Pediatricians are receiving new guidance on how to treat Attention Deficit Hyperactivity Disorder (ADHD), which affects nearly one in ten children nationwide.
For the first time since 2011, the American Academy of Pediatrics (AAP) has updated its clinical guidelines for ADHD, stressing the need for ongoing team-based treatment that includes medical and mental health professionals, as well as families and school staff.
The updates are based on the most recent research on ADHD, a common disorder that can profoundly affect a child’s academic achievement, well-being and social interactions.
“ADHD is a chronic illness that can have a devastating impact if left untreated,” said Dr. Mark L. Wolraich, lead author of the report that appeared recently in the journal Pediatrics. “A pediatrician can help families figure out what is going on and work with families to help children succeed in managing their symptoms and behavior.”
More than 9 percent of U.S. children ages 2-17 have been diagnosed at one time with ADHD, with hyperactive and impulsive symptoms that tend to decline during adolescence and lead to inattentiveness. Boys are more than twice as likely as girls to be diagnosed with ADHD. Both boys and girls with the disorder typically show symptoms of an additional mental disorder and may also have learning and language problems, according to the AAP.
The new guidelines recommend that when kids are diagnosed with ADHD, they also get screened for any mental illnesses. The goal is to rule out other causes of ADHD-like symptoms and identify co-occurring conditions, such as depression, anxiety, substance use, autism and trauma.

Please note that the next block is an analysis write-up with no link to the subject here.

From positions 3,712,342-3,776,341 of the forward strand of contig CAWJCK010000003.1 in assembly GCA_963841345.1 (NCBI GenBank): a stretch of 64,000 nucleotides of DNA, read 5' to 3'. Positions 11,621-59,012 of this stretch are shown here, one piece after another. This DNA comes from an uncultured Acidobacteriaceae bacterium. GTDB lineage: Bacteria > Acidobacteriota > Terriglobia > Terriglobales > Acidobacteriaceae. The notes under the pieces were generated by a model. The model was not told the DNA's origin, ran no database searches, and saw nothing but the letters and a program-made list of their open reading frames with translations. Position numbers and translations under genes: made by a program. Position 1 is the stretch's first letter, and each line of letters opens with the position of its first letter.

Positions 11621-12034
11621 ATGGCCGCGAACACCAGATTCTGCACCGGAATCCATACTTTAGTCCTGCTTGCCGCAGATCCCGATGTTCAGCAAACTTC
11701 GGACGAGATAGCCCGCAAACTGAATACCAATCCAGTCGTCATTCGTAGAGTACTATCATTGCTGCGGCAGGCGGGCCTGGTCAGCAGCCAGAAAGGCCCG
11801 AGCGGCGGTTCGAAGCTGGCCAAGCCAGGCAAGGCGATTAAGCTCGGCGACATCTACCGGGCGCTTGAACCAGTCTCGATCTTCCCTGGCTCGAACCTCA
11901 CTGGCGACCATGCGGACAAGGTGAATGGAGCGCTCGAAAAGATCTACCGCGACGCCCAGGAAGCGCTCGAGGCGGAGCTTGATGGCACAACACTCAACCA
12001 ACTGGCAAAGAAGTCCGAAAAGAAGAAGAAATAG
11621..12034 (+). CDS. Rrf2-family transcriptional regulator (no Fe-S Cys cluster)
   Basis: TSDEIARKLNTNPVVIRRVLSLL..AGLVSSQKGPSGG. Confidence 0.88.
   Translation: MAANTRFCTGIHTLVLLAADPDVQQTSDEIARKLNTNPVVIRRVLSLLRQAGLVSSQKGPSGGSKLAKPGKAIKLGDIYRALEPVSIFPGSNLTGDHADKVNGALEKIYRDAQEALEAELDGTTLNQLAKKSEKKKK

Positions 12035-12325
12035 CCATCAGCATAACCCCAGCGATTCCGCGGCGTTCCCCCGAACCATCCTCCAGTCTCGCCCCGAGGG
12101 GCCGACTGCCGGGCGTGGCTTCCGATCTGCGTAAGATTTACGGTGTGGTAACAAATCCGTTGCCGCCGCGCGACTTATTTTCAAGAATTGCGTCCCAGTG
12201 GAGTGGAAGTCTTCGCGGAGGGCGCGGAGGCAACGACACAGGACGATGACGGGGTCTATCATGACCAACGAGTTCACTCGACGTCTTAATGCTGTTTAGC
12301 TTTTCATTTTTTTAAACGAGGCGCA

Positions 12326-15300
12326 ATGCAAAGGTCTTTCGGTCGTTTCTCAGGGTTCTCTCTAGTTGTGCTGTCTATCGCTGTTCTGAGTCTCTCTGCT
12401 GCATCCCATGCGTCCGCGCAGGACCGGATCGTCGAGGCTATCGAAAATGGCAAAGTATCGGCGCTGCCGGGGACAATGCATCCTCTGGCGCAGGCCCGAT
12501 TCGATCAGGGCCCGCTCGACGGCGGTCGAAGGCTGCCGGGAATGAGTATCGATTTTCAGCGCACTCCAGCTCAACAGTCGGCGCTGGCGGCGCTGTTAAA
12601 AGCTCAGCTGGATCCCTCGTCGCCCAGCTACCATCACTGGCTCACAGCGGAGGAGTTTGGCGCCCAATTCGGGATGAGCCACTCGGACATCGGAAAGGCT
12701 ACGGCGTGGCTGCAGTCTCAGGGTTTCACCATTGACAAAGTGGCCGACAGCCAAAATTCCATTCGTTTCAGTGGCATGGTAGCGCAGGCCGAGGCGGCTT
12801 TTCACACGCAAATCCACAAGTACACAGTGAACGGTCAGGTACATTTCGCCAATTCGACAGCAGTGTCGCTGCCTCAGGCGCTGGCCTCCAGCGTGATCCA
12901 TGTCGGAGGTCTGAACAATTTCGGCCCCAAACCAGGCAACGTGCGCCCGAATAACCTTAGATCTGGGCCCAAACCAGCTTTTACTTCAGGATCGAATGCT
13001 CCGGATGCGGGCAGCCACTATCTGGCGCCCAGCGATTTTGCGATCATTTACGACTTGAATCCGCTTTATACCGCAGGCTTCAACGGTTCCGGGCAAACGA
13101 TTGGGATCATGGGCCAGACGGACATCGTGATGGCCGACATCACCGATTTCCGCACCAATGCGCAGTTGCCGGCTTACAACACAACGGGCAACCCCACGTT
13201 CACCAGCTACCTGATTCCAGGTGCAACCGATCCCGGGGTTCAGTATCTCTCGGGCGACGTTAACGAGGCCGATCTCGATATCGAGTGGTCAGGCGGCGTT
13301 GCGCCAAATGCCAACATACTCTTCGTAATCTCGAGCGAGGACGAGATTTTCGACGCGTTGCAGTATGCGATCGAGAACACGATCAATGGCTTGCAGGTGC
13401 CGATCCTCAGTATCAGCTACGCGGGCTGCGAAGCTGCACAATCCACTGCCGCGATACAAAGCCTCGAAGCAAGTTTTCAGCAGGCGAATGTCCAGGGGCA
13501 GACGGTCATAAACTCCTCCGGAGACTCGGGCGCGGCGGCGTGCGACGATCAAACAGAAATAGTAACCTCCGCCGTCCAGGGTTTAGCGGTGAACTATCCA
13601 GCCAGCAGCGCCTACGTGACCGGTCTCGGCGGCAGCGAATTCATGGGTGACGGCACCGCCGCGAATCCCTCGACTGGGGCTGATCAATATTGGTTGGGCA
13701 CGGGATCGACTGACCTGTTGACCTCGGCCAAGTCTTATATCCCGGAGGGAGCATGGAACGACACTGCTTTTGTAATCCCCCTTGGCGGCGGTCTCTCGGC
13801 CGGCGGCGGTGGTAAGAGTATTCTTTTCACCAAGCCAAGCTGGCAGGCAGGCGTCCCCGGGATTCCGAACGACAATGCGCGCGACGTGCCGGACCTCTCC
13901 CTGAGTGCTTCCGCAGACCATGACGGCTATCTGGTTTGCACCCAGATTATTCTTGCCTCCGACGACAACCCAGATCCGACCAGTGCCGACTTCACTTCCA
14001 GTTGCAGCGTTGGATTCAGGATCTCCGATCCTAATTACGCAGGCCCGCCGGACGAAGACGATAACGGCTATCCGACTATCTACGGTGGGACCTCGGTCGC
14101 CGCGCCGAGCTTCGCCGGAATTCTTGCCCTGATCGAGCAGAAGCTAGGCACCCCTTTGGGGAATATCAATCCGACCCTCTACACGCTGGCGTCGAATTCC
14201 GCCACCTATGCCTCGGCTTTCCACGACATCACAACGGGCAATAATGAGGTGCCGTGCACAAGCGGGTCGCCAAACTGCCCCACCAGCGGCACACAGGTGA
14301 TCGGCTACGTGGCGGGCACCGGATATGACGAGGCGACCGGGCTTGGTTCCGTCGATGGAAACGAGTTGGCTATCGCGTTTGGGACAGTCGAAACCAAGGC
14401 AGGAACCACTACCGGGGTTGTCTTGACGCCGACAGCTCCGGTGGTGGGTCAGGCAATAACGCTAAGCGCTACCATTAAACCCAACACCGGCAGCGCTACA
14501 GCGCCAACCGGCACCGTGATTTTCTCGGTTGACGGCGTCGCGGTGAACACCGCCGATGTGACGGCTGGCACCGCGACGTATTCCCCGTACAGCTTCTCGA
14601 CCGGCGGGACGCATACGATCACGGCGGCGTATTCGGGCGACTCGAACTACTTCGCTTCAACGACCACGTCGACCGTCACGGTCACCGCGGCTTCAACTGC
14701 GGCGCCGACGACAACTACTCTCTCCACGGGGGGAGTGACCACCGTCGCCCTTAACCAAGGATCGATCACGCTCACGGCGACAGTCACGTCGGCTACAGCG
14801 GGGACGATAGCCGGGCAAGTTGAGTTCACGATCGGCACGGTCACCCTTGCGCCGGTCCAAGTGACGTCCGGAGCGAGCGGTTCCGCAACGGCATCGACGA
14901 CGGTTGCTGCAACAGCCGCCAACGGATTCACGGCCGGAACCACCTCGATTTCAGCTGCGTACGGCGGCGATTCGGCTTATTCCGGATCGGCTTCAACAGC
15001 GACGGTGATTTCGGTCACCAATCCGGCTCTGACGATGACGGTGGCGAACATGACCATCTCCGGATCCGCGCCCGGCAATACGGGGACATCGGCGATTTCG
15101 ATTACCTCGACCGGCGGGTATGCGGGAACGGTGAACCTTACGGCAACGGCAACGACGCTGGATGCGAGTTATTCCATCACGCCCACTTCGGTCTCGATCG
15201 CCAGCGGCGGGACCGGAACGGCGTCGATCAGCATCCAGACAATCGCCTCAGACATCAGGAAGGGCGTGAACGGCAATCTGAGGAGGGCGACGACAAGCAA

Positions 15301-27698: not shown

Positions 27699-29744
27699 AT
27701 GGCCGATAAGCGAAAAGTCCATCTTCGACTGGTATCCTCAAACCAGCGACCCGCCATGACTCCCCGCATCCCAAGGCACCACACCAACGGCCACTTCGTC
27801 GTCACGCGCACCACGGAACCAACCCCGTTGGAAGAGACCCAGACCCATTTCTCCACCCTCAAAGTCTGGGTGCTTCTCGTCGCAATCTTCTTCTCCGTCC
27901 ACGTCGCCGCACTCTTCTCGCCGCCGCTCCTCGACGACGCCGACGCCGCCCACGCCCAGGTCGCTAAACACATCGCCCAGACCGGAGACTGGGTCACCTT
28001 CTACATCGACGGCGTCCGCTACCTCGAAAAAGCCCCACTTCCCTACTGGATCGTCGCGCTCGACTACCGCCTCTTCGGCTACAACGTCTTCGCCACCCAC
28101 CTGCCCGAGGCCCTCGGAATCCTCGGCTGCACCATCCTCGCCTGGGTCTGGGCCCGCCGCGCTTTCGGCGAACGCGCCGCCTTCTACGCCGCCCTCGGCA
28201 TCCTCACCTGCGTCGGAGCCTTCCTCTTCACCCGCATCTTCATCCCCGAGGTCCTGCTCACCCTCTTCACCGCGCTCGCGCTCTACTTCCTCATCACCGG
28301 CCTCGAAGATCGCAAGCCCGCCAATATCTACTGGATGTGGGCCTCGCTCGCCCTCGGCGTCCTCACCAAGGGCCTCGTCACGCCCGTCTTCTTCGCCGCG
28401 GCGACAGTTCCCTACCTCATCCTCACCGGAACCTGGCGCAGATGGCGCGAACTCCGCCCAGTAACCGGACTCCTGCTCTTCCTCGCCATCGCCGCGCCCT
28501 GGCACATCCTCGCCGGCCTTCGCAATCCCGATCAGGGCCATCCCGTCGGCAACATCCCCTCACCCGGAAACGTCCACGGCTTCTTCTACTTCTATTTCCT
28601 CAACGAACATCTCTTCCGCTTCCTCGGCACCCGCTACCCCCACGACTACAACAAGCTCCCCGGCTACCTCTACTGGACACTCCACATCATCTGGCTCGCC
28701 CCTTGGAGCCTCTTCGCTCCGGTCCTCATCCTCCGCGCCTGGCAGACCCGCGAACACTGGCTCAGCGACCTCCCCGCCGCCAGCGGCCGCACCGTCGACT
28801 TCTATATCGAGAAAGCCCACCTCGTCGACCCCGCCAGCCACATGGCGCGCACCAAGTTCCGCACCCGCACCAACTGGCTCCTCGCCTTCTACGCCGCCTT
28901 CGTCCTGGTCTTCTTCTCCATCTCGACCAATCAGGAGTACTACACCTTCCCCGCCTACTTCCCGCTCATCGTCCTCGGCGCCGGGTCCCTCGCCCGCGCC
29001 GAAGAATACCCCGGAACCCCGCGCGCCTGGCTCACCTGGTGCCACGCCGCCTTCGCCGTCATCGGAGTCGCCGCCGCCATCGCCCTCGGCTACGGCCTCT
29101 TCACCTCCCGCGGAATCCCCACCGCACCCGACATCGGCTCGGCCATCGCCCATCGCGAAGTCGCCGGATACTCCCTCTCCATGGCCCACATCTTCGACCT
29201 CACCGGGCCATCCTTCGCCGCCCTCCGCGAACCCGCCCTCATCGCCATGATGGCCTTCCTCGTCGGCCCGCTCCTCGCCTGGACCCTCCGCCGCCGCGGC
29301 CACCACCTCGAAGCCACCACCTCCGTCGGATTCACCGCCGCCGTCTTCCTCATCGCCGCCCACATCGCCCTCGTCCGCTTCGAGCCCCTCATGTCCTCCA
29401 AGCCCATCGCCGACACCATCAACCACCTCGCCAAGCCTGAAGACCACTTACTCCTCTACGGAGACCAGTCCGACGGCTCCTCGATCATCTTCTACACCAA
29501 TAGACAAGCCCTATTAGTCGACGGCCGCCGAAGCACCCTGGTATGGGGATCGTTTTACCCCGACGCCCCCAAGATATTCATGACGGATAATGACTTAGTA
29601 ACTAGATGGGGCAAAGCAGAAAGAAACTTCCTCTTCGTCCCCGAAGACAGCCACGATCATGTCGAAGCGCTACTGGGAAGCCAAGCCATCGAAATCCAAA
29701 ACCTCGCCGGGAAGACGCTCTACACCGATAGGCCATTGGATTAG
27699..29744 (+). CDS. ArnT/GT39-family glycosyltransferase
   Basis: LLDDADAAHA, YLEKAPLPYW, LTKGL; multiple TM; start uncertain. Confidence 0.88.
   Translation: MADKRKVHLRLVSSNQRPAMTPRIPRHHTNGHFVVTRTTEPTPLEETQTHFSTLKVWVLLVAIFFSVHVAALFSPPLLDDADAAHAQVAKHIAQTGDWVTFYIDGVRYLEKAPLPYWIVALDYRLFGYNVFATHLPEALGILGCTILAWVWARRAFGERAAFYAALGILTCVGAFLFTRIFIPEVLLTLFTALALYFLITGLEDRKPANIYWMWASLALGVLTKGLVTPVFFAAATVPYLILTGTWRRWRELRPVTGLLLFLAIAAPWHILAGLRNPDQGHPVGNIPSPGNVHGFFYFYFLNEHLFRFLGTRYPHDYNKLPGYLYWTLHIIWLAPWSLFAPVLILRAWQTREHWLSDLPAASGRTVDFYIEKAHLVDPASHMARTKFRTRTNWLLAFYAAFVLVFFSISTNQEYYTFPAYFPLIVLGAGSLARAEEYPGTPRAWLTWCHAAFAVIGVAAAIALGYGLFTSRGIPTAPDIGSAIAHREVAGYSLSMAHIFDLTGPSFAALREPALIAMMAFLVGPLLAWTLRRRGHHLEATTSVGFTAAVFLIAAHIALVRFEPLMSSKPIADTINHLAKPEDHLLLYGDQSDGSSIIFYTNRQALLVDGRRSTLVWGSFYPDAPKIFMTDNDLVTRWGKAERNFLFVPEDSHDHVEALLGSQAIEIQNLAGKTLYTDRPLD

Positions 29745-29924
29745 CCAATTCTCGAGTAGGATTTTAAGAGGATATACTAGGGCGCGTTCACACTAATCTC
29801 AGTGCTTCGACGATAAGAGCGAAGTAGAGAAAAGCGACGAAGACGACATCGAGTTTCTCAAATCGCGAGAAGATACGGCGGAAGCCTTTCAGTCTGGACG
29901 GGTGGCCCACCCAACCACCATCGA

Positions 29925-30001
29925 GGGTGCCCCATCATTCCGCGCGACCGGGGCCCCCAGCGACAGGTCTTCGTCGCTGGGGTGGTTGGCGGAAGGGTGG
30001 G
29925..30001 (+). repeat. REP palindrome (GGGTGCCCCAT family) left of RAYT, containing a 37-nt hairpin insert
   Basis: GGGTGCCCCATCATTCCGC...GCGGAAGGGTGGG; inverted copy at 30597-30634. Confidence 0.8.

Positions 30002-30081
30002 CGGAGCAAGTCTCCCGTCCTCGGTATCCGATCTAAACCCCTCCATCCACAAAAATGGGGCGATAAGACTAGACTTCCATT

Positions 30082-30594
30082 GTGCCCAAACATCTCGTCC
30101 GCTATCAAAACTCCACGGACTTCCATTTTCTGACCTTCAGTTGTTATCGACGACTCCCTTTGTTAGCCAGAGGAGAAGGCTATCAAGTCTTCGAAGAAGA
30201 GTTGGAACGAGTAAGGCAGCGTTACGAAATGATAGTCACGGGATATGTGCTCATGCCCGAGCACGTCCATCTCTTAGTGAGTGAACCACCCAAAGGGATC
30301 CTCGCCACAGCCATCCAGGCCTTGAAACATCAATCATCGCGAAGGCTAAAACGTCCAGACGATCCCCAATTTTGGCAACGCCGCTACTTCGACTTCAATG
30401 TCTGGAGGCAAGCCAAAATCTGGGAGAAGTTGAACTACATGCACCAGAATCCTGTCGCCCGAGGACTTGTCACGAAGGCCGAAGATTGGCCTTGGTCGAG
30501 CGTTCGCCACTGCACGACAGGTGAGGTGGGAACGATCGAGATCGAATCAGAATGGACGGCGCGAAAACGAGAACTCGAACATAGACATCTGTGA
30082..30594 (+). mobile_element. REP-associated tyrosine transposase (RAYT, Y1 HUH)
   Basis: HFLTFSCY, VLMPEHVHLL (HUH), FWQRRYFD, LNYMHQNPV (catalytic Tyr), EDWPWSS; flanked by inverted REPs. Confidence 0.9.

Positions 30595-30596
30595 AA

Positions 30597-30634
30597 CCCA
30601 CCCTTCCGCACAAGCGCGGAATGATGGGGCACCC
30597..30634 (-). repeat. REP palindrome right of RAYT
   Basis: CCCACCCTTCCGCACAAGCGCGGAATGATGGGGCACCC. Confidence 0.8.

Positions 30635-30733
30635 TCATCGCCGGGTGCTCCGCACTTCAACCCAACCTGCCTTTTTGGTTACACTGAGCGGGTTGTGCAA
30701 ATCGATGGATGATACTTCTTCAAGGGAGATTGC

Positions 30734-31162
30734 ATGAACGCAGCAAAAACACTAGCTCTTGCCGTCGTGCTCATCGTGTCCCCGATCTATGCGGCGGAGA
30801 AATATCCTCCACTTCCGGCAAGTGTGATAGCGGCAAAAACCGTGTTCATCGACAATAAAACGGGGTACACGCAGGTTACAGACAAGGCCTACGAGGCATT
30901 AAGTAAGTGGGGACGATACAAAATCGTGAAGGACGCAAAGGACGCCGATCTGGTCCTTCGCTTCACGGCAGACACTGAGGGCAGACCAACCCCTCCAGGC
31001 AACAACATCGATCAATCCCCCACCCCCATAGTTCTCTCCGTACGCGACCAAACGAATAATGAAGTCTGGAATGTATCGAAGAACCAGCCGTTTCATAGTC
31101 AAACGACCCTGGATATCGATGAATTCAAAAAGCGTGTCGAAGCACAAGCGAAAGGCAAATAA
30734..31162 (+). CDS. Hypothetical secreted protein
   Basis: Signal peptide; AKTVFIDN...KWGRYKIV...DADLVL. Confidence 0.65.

In addition, fewer problem behaviors are required as criteria for ADHD in patients age 17 and older.
The treatment recommendations, however, remain mostly the same as previous guidelines.
Children 5 and younger are advised to start with behavioral treatment first. Parent training in behavior management is recommended as the first-line treatment for preschoolers.
They advise that anyone 6 or older should start taking medication and get behavioral therapy as soon as they are diagnosed.
But they also emphasize the need for ongoing medical care in coordination with others from the child’s school and community.
“We know that a child diagnosed with ADHD will benefit most when there is a partnership between families, their doctors, and their teachers, who may need to create special instructional plans and support,” said Dr. Joseph F. Hagan, co-author of the new guidelines. “Coaches, school guidance counselors and other people who play a significant role in a child’s life often have a lot they can contribute in providing information and working on solutions.”